Getting Started with the SunBurn Editor

After installing SunBurn, create a new SunBurn Project from the SunBurn Game – Starter Kit.

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The SunBurn Game Engine

After the new project has been created – press F5 and run the game as is. A brownish game window is displayed explaining that you are now running the SunBurn Engine.

As there is nothing in the scene (we haven’t done anything and it starts fairly empty), we can’t really see anything. Press F11 to open up the SunBurn editor.

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The SunBurn Editor

It really is where the whole engine comes in to its own. At the moment it’s empty, so lets add some basic content to the Scene so that we can explore some of the features.

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It’s best to add content that’s located in the content folder (or one of the sub folders) of your game project. You can do this while the Game Editor is running.

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I’ll add a basic Box to begin with; the box has been created in Blender and was exported as an FBX file.

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Go back to the SunBurn Editor, Right Click on the Content option and Select Import Model

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Add the Model from the Content Directory (Default directory that the Import Dialog references)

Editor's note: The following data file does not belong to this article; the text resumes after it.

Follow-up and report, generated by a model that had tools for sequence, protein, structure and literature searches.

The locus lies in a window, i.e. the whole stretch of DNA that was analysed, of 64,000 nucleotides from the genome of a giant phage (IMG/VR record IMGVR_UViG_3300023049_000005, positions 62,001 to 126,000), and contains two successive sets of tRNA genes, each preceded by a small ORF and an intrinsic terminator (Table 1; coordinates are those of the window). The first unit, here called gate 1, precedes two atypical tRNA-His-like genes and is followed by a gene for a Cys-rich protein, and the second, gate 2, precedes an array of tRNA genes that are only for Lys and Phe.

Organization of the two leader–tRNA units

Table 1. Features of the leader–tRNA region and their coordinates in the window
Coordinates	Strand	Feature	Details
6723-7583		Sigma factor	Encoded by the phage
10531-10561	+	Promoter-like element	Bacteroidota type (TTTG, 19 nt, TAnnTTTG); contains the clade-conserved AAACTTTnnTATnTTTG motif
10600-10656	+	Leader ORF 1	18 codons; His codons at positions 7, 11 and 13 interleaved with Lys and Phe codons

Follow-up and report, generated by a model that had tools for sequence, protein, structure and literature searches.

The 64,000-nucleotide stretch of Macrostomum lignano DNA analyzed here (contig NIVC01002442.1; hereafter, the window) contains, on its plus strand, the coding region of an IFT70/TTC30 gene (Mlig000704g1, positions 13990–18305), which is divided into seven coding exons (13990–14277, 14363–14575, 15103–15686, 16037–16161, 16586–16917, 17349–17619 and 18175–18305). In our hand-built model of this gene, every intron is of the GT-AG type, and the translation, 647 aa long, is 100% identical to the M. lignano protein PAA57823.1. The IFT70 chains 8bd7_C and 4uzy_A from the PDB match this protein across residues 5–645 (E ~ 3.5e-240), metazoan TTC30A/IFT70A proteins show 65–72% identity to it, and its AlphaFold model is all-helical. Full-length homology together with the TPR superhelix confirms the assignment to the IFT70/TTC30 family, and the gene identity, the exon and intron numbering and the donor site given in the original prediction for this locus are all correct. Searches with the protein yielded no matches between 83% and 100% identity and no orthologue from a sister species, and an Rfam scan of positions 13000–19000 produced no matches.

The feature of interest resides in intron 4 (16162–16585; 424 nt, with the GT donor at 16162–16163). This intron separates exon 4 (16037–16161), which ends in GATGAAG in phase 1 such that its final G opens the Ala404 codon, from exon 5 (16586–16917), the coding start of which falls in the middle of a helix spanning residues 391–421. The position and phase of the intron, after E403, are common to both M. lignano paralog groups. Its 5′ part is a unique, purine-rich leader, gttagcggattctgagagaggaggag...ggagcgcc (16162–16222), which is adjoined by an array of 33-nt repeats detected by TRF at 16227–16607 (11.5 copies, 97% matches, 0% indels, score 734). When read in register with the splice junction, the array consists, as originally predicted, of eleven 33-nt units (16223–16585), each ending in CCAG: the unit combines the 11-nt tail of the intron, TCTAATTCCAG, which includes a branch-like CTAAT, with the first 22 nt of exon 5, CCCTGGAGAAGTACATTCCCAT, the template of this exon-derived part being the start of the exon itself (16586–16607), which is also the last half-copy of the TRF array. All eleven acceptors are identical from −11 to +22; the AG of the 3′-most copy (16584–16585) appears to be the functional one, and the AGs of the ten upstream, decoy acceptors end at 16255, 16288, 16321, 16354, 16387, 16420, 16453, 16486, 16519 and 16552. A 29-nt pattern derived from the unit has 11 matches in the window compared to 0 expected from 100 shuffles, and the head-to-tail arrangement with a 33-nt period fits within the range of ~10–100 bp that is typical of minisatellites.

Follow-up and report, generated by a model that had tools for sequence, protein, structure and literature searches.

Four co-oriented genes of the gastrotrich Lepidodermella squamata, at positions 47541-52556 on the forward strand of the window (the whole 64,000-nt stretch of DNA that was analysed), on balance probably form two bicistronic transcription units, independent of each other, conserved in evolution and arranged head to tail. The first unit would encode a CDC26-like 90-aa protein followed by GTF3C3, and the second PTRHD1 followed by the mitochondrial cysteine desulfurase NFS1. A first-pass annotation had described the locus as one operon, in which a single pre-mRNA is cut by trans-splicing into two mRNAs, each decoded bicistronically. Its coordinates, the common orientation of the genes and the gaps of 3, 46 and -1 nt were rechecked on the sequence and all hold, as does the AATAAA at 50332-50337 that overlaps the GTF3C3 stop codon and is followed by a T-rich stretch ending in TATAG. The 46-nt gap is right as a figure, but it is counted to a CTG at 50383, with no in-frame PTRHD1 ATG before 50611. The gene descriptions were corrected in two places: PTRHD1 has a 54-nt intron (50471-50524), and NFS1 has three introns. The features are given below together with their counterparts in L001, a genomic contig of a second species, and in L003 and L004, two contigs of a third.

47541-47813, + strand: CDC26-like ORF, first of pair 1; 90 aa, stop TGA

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The Model is then imported with a bunch of things happening but summarised with a green progress bar.

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Once the model has been imported, it can be selected under the content folder. Notice that a box.fbx folder has been created, it will contain all of the objects in the fbx file; in this instance, there is only one mesh which is called Cube.

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Click, hold and Drag the box.fbx folder across to the Scene.

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A manipulation point has now been added and is visible in the scene when the Cube is selected.

The Default type of Object Editing Mode is translation (Movement within the X,Y,Z world space).

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This can be changed through the Object Editing Mode Toggle (Displayed as the four arrow cross)

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Clicking on it once goes to Rotation

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Clicking on it once more goes to Scale

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We can now scale the box by clicking on the Green box and pulling up. Depending on the exported scale of the model this may need to be done a number of times for it to get to an appropriate size.

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Notice that the box isn’t a single colour, that’s because the default scene comes with some ambient and sunlight added.

I’ll add another model to the scene following the same steps again, which we will use as a floor plane.

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The scene can be navigated using the W,A,S,D key combinations. Holding the right mouse button down enables the mouse look mode.

Here’s the same scene from another angle. A couple of things to notice already, the Cube itself is receiving lighting and has one side in shadow and the other brighter.

We have a shadow being cast from the cube on to the floor plane.

The floor fades off in to the background of the yellowish brown background, this is enabled by default using a fog effect.

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Although white and black can be a powerful combination, it’s nice to be able to add some colour. Click on the Material tab.

Materials